McKinney Falls Hiking Trip


The upper falls at McKinney Falls State Park.

The upper falls at McKinney Falls State Park. (Photo credit: Wikipedia)

I visited McKinney Falls which is actually a couple of miles upstream from McKinney Roughs, my last hike and not surprisingly, the terrain was very similar with the one exception of the huge granite surfaces that covered very much of ground. They were very impressive by their size and although from a distance appeared smooth, in fact on closer inspection, were covered in holes and grooves where the water over millions of years, had worn the rock away.

Such is the power of water as it continuously flows over the same spot be it rocks in McKinney State Park or the Grand Canyon. It is said that in Medieval times in England, one of the tortures in vogue at the time was an incessant drip of water onto a victim’s forehead which in the end, drove the victim mad.

The picture above from Wikipedia shows the falls when the river was much higher than it is now. Because of the ongoing drought in Texas, the water level is much lower and the falls are down to a single shute. One of the pictures in the slide show is of that single shute.

I walked several of the trails including the Rock Shelter which for centuries has provided shelter to both animals and man. Along the way, the trail passes by a huge cypress tree affectionately nicknamed “Old Baldy”. The tree is reputed to be several hundred years old and is hugely impressive.

The trail led me to a fairly modern structure named the Smith Visitor Center. It is no longer in use and as with all buildings that are just left to stand empty, is beginning to fall into decay. Such a shame that it can no longer serve any function in the Park. Buildings need people. They need life and activity in them or they quickly deteriorate.

I returned by way of the Picnic Trail which as the name implies, is dotted with clearings containing picnic tables and barbecue pits. I did not see a single family using any of the tables even though the weather was nice and the temperatures not too hot. My impression was that most of the picnic areas had not been used for some considerable time as again, there was an overall impression of neglect.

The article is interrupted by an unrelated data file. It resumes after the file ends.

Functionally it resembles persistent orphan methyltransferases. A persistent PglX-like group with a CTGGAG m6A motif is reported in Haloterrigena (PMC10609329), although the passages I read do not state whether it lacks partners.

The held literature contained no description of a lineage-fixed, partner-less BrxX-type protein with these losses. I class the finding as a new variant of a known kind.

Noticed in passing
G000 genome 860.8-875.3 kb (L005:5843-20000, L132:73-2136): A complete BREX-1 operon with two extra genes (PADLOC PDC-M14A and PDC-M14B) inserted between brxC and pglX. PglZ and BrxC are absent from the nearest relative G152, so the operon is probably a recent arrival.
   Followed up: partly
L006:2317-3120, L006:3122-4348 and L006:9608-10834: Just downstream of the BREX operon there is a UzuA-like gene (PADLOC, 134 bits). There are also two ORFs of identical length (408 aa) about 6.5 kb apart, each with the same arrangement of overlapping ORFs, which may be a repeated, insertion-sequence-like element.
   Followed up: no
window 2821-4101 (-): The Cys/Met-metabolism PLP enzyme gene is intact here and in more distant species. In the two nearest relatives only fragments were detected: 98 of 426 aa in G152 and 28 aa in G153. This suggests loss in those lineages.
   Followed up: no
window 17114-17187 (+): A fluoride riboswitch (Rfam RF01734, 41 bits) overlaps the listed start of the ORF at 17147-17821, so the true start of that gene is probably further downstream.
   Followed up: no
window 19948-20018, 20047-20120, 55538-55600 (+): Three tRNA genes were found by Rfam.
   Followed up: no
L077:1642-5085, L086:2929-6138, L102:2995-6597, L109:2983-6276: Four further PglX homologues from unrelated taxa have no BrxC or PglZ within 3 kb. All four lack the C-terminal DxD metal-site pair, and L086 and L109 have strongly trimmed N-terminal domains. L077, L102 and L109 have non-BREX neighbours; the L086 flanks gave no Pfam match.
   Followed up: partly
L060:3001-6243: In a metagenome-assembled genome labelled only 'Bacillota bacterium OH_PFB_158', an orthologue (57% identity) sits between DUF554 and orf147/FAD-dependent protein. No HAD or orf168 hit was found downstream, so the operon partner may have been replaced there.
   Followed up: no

As I continued my walk, I mulled over in my mind why this Park was not very popular. Is it a financial thing that people do not want to pay the entrance fees? It cost me $6.00 and I don’t know if the kids are free so the minimum cost for a family would be $12.00. Maybe in this electronic age, nature and all of its wonders cannot compete with the bright and shiny modern toys. If this is true, then I fear that our younger generation is missing out both on learning about the joys and wonders of nature and the togetherness that camping and picnicking and the outdoor life in general can bring to a family.

I guess that I was born lucky in that respect. When I was a kid back in England, more than 70 years ago, I lived in the country.  There was no television, computers and video games were a thing of the future and life was simple even with the threat of impending war. Nature and all of its beauty was my playground and I spent most of my wakened hours enjoying every minute of it.

That is why I love to hike and to be outdoors. I never stop being amazed at some of the things that I come across in my travels and with modern photographic equipment that allows me to take endless numbers of pictures or images as they are now called, I am never more at home or content with my lot than when I am outside walking the trails.

I plan on going back to McKinney Falls in the very near future especially now that the weather has cooled off, to continue on my discoveries of the Parks.

McKinney Falls Video 9-21-2013 from Francis Allcorn on Vimeo.

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2 thoughts on “McKinney Falls Hiking Trip

  1. Nice post Frank. McKinney Falls was among the first places I experienced when I began visiting Austin – back in the 80’s. Pedernales Falls, Garner, Zilker, etcetera. All if the outdoor places that are in or near Austin were a large part of what motivated me to move here when I was a little older in ’95.

    Like

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